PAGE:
New activity at Turrialba volcano, Costa Rica

New activity at Turrialba volcano, Costa Rica

The Turrialba volcano has been more active in recent days, spewing out greater emission of gasses and with sound that appears similar to a jet engine. The gas column is more abundant and the noise is more noticeable.

Specialists visited the volcano on Thursday and found that the lake that formed in the western crater "blocked" the escape of gas which means they now soar over the entire crater.

"It is a process we have not seen before. The gasses are distributed by sector but now gas is emanating 360-degrees around the crater," said Eliecer Duarte, volcanologist for the OVSICORI. (InsideCostarica)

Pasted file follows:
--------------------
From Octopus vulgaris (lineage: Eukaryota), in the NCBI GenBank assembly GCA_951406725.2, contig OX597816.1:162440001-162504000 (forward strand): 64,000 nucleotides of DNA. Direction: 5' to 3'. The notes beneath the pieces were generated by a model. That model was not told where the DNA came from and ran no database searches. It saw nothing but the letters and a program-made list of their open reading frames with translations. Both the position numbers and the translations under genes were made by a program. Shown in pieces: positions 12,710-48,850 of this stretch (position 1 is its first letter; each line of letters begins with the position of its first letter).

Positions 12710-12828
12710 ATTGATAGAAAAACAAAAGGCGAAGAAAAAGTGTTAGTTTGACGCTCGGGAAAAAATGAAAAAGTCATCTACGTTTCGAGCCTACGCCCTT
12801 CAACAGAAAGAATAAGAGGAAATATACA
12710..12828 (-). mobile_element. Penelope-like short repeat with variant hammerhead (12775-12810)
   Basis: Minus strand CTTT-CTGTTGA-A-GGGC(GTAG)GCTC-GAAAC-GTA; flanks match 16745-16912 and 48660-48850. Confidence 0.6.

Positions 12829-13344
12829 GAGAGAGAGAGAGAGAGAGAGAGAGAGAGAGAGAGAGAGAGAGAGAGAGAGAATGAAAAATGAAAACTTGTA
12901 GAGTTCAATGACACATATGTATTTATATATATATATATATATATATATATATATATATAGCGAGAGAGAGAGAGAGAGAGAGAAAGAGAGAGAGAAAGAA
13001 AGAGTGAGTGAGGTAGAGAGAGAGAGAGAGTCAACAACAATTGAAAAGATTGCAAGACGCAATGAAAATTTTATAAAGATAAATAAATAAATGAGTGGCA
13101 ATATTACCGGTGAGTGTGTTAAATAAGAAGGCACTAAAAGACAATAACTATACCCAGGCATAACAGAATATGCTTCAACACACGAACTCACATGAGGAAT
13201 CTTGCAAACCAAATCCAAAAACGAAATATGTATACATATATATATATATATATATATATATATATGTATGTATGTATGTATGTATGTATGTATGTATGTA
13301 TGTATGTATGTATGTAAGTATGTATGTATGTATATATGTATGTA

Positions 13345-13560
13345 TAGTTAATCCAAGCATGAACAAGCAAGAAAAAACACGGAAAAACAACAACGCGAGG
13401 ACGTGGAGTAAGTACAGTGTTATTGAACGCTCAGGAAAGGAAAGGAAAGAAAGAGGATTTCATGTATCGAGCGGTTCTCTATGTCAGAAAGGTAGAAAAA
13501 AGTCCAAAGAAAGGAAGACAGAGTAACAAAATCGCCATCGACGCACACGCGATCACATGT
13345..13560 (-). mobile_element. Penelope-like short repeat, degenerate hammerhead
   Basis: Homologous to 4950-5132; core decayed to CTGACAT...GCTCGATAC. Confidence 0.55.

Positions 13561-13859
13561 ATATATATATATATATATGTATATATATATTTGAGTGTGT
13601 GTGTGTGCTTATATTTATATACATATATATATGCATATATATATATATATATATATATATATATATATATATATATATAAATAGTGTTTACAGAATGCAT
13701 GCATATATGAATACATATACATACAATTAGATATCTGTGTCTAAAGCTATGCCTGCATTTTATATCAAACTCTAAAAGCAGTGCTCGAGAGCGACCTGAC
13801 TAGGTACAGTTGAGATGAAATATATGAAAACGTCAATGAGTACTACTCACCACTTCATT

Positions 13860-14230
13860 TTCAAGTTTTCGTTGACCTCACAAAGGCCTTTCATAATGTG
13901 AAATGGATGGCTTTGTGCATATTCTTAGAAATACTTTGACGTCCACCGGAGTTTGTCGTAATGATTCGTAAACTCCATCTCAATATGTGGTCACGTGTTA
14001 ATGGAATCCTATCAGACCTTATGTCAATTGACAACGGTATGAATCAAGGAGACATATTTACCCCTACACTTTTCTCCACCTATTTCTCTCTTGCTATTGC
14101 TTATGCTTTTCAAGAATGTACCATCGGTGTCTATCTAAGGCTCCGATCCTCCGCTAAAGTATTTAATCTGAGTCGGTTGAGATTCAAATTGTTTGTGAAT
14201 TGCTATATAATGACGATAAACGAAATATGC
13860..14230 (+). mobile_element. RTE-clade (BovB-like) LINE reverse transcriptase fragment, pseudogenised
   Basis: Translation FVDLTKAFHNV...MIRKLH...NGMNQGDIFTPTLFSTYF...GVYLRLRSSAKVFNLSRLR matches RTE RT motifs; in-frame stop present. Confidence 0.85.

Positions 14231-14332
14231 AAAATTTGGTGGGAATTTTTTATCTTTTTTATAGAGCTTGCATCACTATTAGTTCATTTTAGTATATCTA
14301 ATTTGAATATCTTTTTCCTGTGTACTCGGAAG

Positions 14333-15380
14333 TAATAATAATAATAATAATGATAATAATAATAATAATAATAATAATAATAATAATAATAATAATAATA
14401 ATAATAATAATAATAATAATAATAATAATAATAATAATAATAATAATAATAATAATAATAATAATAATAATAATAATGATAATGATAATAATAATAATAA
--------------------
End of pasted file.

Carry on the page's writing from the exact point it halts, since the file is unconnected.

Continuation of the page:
Turrialba, the easternmost of Costa Rica's Holocene volcanoes, is a large vegetated basaltic-to-dacitic stratovolcano located across a broad saddle NE of Irazú volcano overlooking the city of Cartago. The massive 3340-m-high Turrialba is exceeded in height only by Irazú, covers an area of 500 sq km, and is one of Costa Rica's most voluminous volcanoes.

Three well-defined craters occur at the upper SW end of a broad 800 x 2200 m wide summit depression that is breached to the NE. Most activity at Turrialba originated from the summit vent complex, but two pyroclastic cones are located on the SW flank. Five major explosive eruptions have occurred at Turrialba during the past 3500 years.

A series of explosive eruptions during the 19th century were sometimes accompanied by pyroclastic flows. Fumarolic activity continues at the central and SW summit craters.

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